3

I have attempted to write a script that renames a list of directories in a folder. It is a bash script and I am only using awk to accomplish this task.

Current form:

[2015] Name of the album

Desired form:

Name of the album - [2015]

My script:

#! /usr/bin/env bash
for f in \[*; do
    mv -t "$f" "$( awk -F '\] ' ' {print $2 " - " $1 "]"}' <<<"$f" )"
done

When I execute the above script, I get the following error:

mv: cannot stat 'In Dreams [EP] - [1963]': No such file or directory
5

You don't want -t in your situation. That will tell mv to try to move the desired name to the directory named $f.

It would expand to something like:

mv -t "[2015] Name of the album" "Name of the album - [2015]"

which would be likely what you want without the -t. As is it treats $f as the target directory name into which all the other arguments should be moved.

| improve this answer | |
  • Amazing! I removed the -t option and it worked. Thank you. – GustavMahler May 13 '17 at 12:55
5

If you have access to perl-rename (called rename on Debian based systems including Ubuntu, perl-rename on Arch and prename on others), you can do:

perl-rename -n 's/(\[.*?\])\s*(.*)/$2 - $1/' ./\[*

Explanation

  • -n : this makes perl-rename print what it will do without actually renaming anything. Run it like this and, if it looks like it's working as expected, remove the -n to make it actually rename.
  • s/from/to/ : will replace from with to.
  • s/(\[.*?\])\s*(.*)/$2 - $1/' : here, the from is everything between the first [ and the first ] (\[.*?\]). Then 0 or more whitespace characters (\s*) and then everything else (.*). The parentheses around the patters will capture them, letting us use them as $1 and $2 respectively on the right hand side of the substitution. So, that will put everything after the [ ] ($2) before the brackets ($1).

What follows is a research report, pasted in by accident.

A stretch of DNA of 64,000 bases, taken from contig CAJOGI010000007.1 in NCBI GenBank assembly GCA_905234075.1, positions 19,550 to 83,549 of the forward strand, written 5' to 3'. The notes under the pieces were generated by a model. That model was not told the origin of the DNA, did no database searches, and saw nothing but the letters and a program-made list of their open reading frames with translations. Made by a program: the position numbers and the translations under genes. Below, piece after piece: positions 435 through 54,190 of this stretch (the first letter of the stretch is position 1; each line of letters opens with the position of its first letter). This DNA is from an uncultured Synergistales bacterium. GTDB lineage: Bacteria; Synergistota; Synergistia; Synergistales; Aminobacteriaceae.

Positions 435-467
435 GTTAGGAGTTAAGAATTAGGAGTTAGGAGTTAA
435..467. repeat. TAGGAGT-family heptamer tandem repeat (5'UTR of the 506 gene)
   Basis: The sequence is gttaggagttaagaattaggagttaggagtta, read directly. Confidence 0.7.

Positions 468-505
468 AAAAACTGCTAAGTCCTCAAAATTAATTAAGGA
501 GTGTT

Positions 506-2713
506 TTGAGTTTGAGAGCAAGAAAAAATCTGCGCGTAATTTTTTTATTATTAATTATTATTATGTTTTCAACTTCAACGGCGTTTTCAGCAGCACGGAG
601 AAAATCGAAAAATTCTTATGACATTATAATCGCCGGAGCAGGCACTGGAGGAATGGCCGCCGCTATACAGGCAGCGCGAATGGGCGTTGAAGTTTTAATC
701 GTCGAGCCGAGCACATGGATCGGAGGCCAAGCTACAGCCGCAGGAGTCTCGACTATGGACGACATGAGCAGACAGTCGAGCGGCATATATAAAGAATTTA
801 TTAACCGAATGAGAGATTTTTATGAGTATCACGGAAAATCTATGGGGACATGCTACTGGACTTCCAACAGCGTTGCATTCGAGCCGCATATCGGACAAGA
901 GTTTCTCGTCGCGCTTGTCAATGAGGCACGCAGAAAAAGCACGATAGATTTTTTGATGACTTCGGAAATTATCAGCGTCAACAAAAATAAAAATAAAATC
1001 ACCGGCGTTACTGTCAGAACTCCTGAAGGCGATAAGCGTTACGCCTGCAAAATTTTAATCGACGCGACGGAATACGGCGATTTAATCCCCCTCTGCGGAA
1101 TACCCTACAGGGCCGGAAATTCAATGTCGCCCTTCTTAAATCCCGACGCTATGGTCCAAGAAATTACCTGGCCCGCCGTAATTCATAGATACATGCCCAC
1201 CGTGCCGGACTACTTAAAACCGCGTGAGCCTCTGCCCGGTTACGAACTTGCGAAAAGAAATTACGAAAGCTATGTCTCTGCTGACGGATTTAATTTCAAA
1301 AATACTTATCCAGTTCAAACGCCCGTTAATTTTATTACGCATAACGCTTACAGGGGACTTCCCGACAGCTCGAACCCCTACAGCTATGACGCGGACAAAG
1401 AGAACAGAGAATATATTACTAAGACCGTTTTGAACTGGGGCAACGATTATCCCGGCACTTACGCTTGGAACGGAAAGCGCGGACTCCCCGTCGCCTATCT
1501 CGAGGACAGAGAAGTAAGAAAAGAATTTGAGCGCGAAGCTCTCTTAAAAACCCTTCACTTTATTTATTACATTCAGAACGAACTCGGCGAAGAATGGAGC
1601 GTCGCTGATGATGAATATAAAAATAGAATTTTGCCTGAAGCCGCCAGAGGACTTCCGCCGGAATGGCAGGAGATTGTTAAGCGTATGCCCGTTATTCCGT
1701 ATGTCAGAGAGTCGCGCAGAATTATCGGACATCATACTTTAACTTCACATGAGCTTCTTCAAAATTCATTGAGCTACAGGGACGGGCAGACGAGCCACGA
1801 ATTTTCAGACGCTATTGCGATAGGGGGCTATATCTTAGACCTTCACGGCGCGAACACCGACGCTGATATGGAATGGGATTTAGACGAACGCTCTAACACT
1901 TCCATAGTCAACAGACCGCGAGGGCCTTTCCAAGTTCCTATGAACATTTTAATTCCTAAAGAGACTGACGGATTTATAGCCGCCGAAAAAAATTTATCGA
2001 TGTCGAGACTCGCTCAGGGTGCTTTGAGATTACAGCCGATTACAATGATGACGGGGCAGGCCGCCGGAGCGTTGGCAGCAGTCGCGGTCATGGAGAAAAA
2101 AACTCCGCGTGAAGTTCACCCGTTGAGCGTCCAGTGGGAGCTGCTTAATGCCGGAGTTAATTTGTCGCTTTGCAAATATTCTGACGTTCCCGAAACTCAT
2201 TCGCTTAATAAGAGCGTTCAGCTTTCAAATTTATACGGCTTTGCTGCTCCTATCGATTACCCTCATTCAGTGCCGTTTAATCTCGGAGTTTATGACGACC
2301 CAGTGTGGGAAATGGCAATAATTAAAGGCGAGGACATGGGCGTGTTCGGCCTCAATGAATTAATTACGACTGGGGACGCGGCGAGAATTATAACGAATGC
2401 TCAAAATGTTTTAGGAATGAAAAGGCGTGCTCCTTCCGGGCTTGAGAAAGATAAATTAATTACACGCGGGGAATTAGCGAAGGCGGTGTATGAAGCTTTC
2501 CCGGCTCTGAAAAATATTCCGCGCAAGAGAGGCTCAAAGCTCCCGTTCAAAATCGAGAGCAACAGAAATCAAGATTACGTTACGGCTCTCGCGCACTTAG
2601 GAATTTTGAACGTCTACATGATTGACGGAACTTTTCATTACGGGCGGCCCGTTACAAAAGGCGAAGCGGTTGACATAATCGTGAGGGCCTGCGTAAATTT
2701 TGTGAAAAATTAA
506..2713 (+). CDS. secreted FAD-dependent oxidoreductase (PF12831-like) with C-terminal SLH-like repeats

• ./\[* run it on all files and directories in the current directory whose name begins with a [.
| improve this answer | |
4

Your solution works if you remove the -t option, as Eric explained.

This is an alternative solution using variable substitutions rather than awk to move the bits of the filename around:

for name in '['*; do
    tag="${name%% *}"
    title="${name#* }"
    mv "$name" "$title - $tag"
done
  • ${name%% *} removes everything after the first space in $name (including the space), and
  • ${name#* } removes everything before the first space (including the space).
| improve this answer | |

Your Answer

By clicking “Post Your Answer”, you agree to our terms of service, privacy policy and cookie policy

Not the answer you're looking for? Browse other questions tagged or ask your own question.